investor: Republic of Slovenia, Ministry of education, science and sport
client: Institute for Sport RS Planica
design team: studio abiro, Studio AKKA, StVAR
design: 2009 - 2015
construction: 2010 – 2015
area: 22 ha
ski jumps and bridges: Matej Blenkuš PhD, Miloš Florijančič, Klemen Kobal (studio abiro)
service and performance buildings: Aleš Vodopivec, Marko Smrekar (StVAR)
landscape, including the lay-out of infrastructure and cross country lanes: Ana Kučan PhD, Luka Javornik (Studio AKKA, design team: Gaja Trbižan, Miha Slekovec, Maj Plemenitaš, Ana Tepina, Mojca Kumer)
ski jumps: Klemen Kobal (Olympic ski jumps), Janez Gorišek (flying hill ski jump)
cross-country: Uroš Ponikvar
sports logistic and technology: Gabrijel Gros,
international competition and FIS logistics: Primož Finžgar,
structural engineering: Vojko Kilar PhD, Dušan Remic, Uroš Žvan
geotechnical engineering: Janko Logar PhD, Jože Janež
electric engineering: Eldata, d.o.o., ElAri, d.o.o.
mechanical engineering: Eso projekt, d.o.o., ISP, d.o.o.
hydraulics: KSB Slovenija, d.o.o., Riko Group, d.d.
storm water flow control: Janko Černivec, Apus, d.o.o.
photos: Miran Kambič and Studio AKKA archives
Planica is hosting the ski jump contests from the early thirties and has gradually become a world-known centre for the World Cup Sky Flying Final. After the years of use the ski jumps needed a renovation and modernization and in 2009 the decision has been made to create a Nordic Ski Centre on the site. The main aspect of design is based on a profound relation between construction, the constructed site and its natural setting. The precise design of topography, the systematic selection and reduction of material, bold shapes and clear geometrical forms, all line itself with the exciting silhouette of the mountains and the calmness of the spruce and beech forest. The project works on many levels and relations: solid versus soft, resistant versus ephemeral, cold versus warm, monumental versus intimate. The seasonal changes span from the cold and sharp image of the mountains referring to the simple geometry of the topography and the concrete structures to the colourful abundance of the late summer, when the perception of the wooden details and green slopes is exposed.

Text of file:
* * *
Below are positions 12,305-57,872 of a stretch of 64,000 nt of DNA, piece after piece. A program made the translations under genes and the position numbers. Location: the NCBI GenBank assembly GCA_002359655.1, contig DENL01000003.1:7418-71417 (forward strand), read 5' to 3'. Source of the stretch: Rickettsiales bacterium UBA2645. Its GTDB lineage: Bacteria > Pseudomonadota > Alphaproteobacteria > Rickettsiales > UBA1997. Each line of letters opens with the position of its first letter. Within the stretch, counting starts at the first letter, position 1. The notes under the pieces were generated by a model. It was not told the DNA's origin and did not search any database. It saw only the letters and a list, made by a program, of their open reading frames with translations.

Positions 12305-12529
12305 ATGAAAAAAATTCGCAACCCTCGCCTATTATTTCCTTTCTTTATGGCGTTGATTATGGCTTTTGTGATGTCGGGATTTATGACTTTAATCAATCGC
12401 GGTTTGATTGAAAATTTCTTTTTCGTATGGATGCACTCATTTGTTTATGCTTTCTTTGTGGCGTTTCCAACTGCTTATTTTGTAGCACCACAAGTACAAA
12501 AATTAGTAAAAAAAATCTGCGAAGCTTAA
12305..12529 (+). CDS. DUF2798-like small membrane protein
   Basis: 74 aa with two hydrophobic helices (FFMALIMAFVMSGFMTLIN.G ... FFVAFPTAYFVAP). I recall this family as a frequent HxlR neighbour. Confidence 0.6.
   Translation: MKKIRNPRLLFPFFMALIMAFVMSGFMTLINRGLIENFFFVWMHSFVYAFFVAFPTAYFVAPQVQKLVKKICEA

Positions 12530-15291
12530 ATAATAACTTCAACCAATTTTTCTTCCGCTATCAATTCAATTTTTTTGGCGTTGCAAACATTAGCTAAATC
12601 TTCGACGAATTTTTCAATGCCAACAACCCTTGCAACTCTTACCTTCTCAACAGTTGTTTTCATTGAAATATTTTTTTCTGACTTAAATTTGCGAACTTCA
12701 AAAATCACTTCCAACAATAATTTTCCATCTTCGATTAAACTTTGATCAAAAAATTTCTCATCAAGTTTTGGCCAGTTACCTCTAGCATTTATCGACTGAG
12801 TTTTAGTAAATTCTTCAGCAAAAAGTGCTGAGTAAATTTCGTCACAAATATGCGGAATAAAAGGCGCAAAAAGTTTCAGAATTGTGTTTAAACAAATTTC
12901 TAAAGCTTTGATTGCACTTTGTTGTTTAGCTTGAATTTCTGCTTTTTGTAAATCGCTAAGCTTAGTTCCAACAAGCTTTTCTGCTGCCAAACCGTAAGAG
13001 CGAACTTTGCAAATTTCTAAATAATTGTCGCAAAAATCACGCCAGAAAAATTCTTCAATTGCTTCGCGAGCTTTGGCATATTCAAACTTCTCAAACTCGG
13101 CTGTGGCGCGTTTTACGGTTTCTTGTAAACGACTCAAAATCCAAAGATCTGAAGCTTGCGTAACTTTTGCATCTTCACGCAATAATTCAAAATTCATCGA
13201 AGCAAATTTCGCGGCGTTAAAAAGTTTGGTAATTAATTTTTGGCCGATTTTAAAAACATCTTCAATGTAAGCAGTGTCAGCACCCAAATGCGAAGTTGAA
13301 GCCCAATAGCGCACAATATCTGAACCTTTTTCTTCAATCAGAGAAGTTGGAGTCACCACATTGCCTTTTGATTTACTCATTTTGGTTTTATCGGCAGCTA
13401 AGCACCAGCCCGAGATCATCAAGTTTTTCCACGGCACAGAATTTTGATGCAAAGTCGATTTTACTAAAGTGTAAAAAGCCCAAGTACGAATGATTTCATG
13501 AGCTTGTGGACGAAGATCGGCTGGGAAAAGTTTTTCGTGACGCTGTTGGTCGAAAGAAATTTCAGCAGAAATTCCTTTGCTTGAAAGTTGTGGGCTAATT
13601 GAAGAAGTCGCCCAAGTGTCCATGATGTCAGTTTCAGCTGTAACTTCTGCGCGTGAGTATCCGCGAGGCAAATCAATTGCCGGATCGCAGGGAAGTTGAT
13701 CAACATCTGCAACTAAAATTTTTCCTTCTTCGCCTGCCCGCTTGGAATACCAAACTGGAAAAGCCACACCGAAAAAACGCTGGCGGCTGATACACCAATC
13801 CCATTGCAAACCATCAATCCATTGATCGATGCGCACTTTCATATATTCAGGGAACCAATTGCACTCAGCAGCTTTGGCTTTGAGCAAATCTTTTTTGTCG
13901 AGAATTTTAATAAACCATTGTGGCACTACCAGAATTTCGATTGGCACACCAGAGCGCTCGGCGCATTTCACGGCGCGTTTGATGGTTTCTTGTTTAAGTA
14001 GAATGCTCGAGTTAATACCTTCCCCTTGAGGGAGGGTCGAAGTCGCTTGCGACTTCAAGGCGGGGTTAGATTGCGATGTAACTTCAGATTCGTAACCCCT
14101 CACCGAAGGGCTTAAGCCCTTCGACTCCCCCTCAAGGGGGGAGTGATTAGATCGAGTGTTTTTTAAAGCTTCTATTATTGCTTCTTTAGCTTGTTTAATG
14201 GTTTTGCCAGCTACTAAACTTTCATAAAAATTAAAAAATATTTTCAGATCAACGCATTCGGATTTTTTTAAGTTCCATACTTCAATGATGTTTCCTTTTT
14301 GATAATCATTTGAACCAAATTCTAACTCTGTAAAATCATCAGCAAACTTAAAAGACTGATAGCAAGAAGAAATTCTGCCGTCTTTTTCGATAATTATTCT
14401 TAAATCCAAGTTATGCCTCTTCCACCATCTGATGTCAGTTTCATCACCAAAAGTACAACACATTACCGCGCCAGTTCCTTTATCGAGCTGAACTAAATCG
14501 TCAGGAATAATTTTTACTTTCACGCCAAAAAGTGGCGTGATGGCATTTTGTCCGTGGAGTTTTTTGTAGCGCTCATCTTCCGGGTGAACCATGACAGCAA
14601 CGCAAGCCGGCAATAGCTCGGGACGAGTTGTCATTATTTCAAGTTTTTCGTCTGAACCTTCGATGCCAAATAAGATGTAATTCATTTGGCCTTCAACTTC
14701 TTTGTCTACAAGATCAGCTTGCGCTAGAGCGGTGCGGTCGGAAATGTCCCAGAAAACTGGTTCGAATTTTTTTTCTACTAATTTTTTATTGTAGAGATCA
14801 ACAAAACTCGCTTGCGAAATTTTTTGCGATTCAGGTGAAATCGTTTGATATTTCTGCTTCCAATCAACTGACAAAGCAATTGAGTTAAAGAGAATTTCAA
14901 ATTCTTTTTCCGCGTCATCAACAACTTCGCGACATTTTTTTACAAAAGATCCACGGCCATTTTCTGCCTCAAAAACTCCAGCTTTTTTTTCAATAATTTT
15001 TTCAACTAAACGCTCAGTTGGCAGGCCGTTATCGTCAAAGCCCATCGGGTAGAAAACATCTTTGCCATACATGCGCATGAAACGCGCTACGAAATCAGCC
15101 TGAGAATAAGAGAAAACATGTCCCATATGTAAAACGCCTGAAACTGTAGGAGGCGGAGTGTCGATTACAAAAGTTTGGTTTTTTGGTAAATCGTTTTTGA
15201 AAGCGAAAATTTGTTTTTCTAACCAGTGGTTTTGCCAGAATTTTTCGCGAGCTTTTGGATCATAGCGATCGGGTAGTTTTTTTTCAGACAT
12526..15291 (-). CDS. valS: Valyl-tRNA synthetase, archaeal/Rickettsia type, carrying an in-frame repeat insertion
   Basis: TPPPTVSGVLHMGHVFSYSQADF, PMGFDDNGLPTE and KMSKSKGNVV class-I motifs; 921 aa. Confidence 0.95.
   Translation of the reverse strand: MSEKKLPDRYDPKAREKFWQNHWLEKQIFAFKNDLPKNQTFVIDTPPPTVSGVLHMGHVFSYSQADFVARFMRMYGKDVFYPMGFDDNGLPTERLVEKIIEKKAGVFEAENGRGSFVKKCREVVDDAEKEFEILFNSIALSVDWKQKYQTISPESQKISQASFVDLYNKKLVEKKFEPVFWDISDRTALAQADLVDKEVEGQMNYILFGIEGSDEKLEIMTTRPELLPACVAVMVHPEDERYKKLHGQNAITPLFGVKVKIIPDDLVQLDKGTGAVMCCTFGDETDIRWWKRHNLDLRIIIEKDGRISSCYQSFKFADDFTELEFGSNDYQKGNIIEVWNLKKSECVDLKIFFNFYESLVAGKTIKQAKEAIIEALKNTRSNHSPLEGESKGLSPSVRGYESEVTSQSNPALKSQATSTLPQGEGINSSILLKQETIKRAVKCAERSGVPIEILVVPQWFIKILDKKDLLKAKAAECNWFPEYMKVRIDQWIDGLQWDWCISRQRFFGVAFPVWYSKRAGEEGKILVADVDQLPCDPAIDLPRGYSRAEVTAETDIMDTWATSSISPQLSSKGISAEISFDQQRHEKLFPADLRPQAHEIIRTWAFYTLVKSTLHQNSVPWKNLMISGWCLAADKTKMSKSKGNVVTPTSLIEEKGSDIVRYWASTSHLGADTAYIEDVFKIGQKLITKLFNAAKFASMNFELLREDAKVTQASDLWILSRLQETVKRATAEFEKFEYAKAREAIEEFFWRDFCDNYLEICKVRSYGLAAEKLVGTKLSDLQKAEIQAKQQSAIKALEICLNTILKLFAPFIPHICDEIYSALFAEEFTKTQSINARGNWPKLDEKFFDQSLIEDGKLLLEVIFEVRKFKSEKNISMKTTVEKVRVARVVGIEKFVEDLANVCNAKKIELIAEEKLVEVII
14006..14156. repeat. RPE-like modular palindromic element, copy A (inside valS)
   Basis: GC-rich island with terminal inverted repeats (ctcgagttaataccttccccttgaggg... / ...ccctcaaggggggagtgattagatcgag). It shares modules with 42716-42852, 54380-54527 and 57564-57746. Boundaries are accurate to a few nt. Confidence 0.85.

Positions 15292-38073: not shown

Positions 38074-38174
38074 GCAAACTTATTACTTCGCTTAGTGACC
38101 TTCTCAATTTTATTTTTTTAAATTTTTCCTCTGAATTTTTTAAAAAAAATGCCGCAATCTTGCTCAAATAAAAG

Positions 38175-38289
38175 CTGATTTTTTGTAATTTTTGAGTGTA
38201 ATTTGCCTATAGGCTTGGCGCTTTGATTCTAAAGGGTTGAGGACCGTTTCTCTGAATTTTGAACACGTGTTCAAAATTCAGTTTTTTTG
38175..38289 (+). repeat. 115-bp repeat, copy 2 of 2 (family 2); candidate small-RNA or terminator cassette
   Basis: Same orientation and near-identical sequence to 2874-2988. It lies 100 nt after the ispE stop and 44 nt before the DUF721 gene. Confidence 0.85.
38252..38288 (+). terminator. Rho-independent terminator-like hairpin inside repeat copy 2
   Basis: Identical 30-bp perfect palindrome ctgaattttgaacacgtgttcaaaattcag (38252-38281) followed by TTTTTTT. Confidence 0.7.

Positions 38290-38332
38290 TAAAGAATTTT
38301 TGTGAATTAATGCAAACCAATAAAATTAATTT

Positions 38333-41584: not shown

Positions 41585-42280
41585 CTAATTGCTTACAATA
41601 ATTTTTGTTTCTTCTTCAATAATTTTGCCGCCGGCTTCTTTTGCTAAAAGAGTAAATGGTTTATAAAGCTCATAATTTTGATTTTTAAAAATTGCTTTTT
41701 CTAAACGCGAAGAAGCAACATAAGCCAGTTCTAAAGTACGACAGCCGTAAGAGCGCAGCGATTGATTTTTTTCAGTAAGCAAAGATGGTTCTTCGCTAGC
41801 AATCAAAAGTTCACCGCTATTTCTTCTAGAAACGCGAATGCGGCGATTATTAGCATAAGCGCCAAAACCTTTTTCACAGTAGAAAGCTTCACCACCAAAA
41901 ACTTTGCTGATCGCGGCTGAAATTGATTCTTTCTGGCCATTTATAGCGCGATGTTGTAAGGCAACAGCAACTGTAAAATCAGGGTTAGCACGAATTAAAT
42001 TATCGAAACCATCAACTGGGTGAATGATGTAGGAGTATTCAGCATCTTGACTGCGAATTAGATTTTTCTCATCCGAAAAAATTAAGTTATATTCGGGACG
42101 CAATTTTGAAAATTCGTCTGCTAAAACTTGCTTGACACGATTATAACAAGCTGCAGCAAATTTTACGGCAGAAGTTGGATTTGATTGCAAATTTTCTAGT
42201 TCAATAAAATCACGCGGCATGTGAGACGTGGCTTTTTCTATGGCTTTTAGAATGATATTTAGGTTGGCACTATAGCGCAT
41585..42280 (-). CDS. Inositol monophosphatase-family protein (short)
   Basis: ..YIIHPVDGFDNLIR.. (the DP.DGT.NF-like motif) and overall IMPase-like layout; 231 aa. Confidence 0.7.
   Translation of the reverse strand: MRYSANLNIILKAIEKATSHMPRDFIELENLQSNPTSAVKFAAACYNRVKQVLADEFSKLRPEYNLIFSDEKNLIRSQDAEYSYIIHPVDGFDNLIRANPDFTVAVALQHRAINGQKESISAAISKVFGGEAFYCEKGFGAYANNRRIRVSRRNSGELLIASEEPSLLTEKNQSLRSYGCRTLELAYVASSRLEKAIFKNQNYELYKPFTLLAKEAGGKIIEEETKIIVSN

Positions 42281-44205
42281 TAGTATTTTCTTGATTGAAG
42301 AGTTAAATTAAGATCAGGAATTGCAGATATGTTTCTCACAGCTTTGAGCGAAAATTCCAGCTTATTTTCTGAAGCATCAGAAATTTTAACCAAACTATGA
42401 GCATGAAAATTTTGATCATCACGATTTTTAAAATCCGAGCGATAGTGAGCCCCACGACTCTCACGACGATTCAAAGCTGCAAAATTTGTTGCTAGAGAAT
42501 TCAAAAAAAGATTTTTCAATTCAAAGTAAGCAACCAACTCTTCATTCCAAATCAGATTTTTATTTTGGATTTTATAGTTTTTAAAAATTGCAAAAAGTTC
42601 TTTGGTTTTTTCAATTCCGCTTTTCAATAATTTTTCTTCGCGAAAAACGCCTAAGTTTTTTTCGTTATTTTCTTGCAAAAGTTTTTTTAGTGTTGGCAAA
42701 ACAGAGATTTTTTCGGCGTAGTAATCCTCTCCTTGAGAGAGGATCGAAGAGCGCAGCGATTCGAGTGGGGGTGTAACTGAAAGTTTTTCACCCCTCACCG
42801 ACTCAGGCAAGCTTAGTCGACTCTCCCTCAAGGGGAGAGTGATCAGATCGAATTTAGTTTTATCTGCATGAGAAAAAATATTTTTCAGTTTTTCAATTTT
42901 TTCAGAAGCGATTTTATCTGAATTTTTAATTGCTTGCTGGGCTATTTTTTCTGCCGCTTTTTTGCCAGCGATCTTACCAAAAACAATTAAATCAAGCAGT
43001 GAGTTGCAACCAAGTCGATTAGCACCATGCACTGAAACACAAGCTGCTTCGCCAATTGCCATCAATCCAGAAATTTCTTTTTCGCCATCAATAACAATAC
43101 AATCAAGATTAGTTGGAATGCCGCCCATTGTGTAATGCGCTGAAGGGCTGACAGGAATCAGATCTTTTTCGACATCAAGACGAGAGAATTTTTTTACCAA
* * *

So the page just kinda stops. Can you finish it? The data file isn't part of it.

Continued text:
Entrance to the Triglav National park
As Planica is set at the forefoot of the largest protected area in Slovenia and forms one of the most exciting entryways to the Triglav National Park, large sport facilities take their own, although a restrained stand. Planica is already symbolically charged which renders all excessive design redundant. The alpine setting of this precise sport ritual is unique and recognizable. The refinement of the image is thus added on other levels, mainly on those of use and orientation. Design follows technical and organizational requirements of a large sport facility by which it clearly reveals the new character of the space. It stands in contrast to the natural dynamics of the surrounding mountainous landscape and creates an organized, functional and technically flawless counterpart to the magnificent Alpine frame, perfected by the logic of engineering. The ski jumps that fan across the landscape introduce a spatial order that unites all elements into a non-hierarchical whole.
Ski jumps are usually designed to facilitate large-scale events with extensive infrastructure and demanding logistics. When more than 30,000 people come to this fragile valley, the form of the architecture gives way to its operational function, while on the everyday level, when a handful of young ski jumpers would come to train in solitude, its simplicity and robustness re-awaken and monumentally yet respectfully stand at the entrance into the valley. All service buildings, including the Daily visitor’s Centre, were pushed to the edges to free the bottom of the valley for long vistas.
Design is based on the profound relation between architecture, the constructed site and the natural setting. As Planica is set at the forefoot of the largest protected area in Slovenia and forms one of the most exciting entryways to the Triglav National Park, large sport facilities take their own stand. The precise design of topography, […]